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RTT - Real-Time Text

Real-Time Text is a feature on a fixed or mobile telephone that allows users to communicate through the use of text as it is typed. It differs from Instant Messaging (IM) and mobile texting (SMS) in that the characters appear one-by-one, in near real-time, in the same pace as they are typed and not as a block of text after it is written. This way of text communications makes its much more natural, and closer to voice communications than other text based communications services as IM and SMS.

Real-Time Text is especially of importance for deaf people as an alternative for voice communications. However, it can also be of use for other, non-deaf, people as a valuable alternative, because of its more natural bi-directional flow of text compared with the “type-send-wait-read response-type reply” technology of IM and SMS.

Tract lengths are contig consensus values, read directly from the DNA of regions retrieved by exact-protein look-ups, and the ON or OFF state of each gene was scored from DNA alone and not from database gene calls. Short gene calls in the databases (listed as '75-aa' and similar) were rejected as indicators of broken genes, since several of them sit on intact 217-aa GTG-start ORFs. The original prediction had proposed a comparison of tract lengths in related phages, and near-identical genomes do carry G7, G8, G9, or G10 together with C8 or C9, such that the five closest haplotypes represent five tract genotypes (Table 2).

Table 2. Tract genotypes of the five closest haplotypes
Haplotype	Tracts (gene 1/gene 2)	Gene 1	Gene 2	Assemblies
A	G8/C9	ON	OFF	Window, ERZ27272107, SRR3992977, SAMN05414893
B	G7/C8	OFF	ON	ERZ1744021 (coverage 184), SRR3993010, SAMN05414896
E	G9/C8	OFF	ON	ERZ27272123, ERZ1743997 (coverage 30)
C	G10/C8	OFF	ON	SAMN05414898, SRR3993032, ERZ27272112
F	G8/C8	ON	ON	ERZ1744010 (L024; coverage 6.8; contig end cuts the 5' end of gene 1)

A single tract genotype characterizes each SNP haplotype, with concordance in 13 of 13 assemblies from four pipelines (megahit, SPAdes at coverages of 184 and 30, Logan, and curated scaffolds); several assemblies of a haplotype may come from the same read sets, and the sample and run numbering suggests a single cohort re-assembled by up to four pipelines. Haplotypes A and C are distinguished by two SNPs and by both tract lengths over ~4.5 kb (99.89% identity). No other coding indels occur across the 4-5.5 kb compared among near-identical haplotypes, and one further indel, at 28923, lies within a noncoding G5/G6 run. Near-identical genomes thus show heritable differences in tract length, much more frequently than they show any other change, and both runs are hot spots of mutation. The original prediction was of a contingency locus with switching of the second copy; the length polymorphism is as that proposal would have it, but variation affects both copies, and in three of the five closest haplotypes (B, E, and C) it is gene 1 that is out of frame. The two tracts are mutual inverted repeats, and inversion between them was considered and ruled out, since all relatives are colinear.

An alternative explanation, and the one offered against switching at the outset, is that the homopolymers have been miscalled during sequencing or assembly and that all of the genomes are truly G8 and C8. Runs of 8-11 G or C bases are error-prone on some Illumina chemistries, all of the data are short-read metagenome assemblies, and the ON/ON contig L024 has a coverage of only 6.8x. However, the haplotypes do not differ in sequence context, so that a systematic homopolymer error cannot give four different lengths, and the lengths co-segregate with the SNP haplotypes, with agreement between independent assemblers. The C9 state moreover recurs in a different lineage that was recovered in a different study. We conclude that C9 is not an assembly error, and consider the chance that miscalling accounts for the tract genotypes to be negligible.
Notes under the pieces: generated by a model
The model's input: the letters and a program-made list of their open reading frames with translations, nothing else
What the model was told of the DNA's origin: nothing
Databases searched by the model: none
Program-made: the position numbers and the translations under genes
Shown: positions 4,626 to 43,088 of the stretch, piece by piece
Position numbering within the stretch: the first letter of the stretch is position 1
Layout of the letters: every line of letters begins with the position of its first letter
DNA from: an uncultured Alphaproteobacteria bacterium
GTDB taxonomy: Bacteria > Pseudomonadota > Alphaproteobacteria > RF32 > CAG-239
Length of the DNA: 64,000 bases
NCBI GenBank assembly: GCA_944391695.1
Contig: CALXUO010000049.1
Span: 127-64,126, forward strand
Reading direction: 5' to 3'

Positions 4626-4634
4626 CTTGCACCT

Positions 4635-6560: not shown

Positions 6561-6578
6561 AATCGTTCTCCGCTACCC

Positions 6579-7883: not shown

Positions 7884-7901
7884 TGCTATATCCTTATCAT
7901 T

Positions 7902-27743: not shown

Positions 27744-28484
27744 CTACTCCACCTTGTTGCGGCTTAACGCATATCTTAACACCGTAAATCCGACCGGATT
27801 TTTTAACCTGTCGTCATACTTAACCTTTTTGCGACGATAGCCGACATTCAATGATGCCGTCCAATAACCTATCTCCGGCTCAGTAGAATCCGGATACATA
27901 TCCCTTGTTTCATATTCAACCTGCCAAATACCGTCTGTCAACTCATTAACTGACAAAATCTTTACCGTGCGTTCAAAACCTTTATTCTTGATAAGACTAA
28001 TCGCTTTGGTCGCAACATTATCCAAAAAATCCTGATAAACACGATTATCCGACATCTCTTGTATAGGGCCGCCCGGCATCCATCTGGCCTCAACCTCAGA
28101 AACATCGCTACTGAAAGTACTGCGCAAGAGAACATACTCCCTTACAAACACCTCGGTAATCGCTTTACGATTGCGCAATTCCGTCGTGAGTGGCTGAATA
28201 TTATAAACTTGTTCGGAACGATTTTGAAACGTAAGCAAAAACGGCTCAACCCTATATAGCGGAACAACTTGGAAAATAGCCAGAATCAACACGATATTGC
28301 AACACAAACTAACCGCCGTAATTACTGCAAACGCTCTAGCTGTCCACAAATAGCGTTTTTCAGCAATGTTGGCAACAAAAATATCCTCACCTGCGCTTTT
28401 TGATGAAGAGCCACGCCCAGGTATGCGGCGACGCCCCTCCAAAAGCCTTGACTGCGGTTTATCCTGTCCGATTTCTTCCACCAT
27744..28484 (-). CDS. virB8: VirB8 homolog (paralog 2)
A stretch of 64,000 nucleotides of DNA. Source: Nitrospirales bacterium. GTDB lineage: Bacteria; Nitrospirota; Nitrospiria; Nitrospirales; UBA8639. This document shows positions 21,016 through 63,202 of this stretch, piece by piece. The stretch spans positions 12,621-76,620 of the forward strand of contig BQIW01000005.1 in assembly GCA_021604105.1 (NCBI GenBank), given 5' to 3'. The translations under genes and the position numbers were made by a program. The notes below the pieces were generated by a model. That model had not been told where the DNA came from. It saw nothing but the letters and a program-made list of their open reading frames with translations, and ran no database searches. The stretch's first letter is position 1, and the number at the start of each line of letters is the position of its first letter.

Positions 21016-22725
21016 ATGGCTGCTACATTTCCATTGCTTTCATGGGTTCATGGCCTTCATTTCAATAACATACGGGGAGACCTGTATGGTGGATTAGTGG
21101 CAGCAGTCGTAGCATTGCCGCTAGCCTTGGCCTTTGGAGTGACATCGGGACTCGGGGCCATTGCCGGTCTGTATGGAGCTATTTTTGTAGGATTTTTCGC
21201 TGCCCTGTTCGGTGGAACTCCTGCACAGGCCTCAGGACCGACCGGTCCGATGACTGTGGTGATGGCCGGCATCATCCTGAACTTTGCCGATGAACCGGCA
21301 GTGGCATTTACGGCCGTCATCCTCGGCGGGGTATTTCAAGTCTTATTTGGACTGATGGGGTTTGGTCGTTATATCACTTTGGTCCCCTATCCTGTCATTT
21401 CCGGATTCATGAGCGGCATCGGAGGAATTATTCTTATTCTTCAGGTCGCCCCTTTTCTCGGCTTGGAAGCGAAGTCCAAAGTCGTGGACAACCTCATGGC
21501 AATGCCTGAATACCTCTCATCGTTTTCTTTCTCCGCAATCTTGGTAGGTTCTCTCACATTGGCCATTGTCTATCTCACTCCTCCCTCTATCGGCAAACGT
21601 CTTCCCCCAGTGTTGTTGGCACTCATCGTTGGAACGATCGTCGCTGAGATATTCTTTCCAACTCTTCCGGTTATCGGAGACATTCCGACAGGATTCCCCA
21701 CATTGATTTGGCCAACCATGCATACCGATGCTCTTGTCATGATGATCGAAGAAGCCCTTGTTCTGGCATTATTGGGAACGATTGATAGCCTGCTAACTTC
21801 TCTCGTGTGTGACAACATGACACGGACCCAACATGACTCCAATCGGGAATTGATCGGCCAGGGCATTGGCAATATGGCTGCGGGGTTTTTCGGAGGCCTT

Real-Time Text streaming text, on a character by character basis, is possible using different standards and protocols. Real-Time Text over Internet (IP) networks uses the Session Initiation Protocol (SIP) and the Real-Time Text transport standard as currently described in IETF RFC 4103.

This framework is compatible with voice over IP (VoIP) and Video over IP. It also builds upon, and is compatible with, the high-level user requirements of deaf, hard of hearing, and speech-impaired users, as described in RFC 3351.

Real-Time Text can also be implemented, and is used, on other infrastructures, such as the analogue telephone network (PSTN).


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